I spent a year loving this man but I couldn’t acknowledge it to myself, let alone him. I worked through so much of the hurt I’d had from my marriage. I was able to let go of the bitterness and be happy. I could finally accept that marriage wasn’t bad but that sometimes bad things happen within the context of marriage. Then, finally, it was Atticus who acknowledged that I was in love with him. That scared me. I was so afraid that things would change…and I didn’t want to lose my best friend just because of love. You see, I knew that Atticus could never love a broken, totally screwed up person like me, but God had begun to tell me to wait. Wait until August.
Eventually being in love with him did affect the friendship…for me. It was beginning to hurt all over again…loving someone who would only ever be my friend. So once again I decided it would be best to cut my losses and run, but before I ever had the chance to leave, Atticus became gravely ill. All of a sudden I was standing in the ER listening to a doctor say she wasn’t sure they could save his life. And again God told me not to leave this man. As he lay unconscious in his bed I prayed over him for hours, pleading with God to heal him and keep him with us. I am so immensely thankful to say God allowed Atticus to stay with us. With me.
When he was well and back on track I told Atticus how much it was hurting me to love him and to know it was a one-way thing. He said he loved me, too, but wasn’t able to give me what a girlfriend or wife would need. I asked if I should wait for him…he told me not to wait. So that was that. God was still telling me to wait until August, but I kept saying there was no point — Atticus didn’t want me. Even Melody chimed in that I should wait because I’d told her way-back-when about the directive to wait until August. So I decided to set aside the hurt and keep loving him…and hoping.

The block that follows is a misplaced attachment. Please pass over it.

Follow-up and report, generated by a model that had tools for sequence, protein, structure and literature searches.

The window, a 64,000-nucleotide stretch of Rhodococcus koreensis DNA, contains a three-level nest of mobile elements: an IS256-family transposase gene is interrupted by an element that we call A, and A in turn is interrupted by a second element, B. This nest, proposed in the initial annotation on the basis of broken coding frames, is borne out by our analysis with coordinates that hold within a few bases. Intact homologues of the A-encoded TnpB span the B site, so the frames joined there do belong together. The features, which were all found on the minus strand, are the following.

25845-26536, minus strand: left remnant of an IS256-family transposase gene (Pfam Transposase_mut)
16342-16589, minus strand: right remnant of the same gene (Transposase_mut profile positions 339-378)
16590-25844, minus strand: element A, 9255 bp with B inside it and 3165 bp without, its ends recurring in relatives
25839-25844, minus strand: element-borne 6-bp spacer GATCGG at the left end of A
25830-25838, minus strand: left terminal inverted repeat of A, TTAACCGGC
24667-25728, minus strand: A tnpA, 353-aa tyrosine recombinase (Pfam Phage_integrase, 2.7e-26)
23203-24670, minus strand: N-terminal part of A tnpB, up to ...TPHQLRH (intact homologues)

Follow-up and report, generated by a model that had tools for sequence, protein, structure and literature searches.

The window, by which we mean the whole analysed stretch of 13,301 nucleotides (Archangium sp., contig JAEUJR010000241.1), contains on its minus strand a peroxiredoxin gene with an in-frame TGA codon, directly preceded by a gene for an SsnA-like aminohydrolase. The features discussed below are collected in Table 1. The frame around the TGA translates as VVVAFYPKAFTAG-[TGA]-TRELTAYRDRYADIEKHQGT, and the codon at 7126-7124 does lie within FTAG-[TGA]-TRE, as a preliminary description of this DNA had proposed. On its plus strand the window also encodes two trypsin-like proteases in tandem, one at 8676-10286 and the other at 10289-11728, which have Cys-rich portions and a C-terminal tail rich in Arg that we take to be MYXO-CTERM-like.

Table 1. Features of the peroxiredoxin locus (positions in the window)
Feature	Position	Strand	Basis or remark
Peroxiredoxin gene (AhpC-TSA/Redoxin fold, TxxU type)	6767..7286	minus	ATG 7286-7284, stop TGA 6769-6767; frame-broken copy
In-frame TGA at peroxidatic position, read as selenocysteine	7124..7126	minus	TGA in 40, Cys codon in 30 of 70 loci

Then one night in June we were dancing outside under the moon and Atticus asked me to marry him. When I asked what had changed, he honestly couldn’t explain it, but he knew he loved me and wanted to be married. So that’s what we did. The wedding I attended last weekend? It was our wedding. In the church where God had told me it would happen…and with the pastor — now our pastor — presiding.
I married the best man in the world. I get to wake up next to my best friend every day. He loves me. It still amazes and humbles me…especially when I’m a pain in the neck and he just kisses me and says he loves me. I can see God’s hand in our relationship from the very beginning. He brought us together to bring healing, and then to learn to love again. Every day with this wonderful, gentle man is a gift.
We definitely have a love story — and to me it’s the greatest (human) love story there ever was.
Thank you, Atticus. You are my treasure.